How to Correct Poor Posture and Avoid Tech Neck

{authorName}

Ian FeurtadoDirector for Metro Physical & Aquatic Therapy

Monday, February 1, 2021

Did you know that spending hours in front of a computer or a smartphone can wreak havoc on the body? Tech neck is a condition caused by repeatedly leaning forward to view and operate electronic devices. This poor posture could lead to neck, shoulder and back pain — costing Americans $86 billion each year in health care expenses.

Infographic 4 Minutes

Technology has become an integral part of our daily lives. We use smartphones, laptops and tablets for everything from checking work emails to managing social media accounts. While these gadgets provide greater convenience to the modern consumer, they also come with some disadvantages. For example, staring at a screen all day can cause the body to assume an unnatural position. The head tends to tilt downward and the chin extends forward, which places stress on the spine.

The average adult head — when held in a neutral, upright position — weighs about 10 to 12 pounds. However, when slouching at your desk or looking down at a screen, the head flexes forward, adding 50 to 60 pounds of pressure on the neck. This extra weight can strain the muscles, ligaments and tendons, which may lead to text neck. Other symptoms of the ailment include headaches, stiffness, numbness or tingling in the arms, and reduced mobility.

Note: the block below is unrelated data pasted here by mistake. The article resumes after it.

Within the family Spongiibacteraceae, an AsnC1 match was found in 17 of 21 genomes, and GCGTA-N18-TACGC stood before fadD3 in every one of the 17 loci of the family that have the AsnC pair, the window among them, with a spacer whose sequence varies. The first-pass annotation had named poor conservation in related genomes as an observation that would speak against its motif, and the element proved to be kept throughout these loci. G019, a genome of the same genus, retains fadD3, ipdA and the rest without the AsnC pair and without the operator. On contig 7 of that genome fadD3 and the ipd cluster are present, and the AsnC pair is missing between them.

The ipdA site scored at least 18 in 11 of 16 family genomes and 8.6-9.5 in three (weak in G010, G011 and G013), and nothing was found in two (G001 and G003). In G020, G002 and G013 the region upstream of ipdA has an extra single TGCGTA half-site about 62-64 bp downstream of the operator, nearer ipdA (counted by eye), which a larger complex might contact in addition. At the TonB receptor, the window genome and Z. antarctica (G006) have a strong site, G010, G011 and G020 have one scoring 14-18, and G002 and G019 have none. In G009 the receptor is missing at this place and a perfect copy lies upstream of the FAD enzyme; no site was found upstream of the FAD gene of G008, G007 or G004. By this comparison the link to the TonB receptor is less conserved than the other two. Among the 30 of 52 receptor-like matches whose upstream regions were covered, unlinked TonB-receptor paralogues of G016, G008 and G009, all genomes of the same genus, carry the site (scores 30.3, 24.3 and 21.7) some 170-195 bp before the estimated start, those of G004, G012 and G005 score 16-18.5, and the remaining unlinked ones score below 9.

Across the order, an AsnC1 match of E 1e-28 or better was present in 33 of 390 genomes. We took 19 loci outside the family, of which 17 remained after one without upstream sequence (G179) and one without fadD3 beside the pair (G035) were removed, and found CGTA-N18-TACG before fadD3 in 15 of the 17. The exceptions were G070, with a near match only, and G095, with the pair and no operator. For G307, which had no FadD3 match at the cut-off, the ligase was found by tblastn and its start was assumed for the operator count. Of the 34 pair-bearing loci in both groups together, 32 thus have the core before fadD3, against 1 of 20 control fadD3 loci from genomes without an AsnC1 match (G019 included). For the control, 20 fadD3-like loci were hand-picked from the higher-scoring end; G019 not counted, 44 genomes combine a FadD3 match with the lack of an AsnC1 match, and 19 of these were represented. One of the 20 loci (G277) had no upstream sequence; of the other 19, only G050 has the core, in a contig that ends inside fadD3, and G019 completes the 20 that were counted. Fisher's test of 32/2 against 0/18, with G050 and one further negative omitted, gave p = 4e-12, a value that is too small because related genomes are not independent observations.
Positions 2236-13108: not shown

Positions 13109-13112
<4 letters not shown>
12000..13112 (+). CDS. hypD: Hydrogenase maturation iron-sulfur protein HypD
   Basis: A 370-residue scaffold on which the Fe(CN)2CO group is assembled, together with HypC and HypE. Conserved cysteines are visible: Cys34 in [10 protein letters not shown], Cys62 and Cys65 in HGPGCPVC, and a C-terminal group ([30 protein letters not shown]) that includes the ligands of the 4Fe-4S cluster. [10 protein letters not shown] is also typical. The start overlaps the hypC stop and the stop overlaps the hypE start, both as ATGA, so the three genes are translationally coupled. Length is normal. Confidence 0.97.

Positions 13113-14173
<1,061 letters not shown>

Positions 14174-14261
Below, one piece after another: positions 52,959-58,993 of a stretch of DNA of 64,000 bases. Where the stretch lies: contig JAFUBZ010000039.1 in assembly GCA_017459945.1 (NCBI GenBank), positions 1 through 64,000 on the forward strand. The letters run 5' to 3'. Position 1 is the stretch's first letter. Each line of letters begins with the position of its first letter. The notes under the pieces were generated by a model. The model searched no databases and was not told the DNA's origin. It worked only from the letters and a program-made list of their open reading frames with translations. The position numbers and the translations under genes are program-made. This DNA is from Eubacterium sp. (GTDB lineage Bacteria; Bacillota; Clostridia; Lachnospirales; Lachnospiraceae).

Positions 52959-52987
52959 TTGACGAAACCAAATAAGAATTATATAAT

Luckily, tech neck pain is reversible and can be treated with stretches, acupuncture, physical therapy and chiropractic care. Various exercises are recommended to help strengthen the neck and shoulder muscles.

For example, the levator scapula stretch could be used to alleviate aches and stiffness. To perform this exercise, sit upright in a chair and place the right hand behind the right shoulder. Then, look down at your left knee and tuck the chin toward the chest. Place the left hand on the back of your head, gently pulling down toward the knee until you feel a stretch. Hold the position for 30 to 40 seconds, then repeat the stretch for the opposite side.

Common yoga stretches such as upward facing dog and cobra can also help reinforce the spine and open the chest. For more information on tech neck pain and how to combat it, check out the infographic below:

Access the latest business knowledge in HR

Get Access

Ian Feurtado

Director for Metro Physical & Aquatic Therapy

www.metrophysicaltherapy.com/

Ian Feurtado is Fitness and Wellness Director for Metro Physical & Aquatic Therapy, Long Island’s premier physical therapy company. Feurtado has been with Metro for more than seven years and has helped thousands of patients with his specialized exercise programs.

Comments

Join the conversation...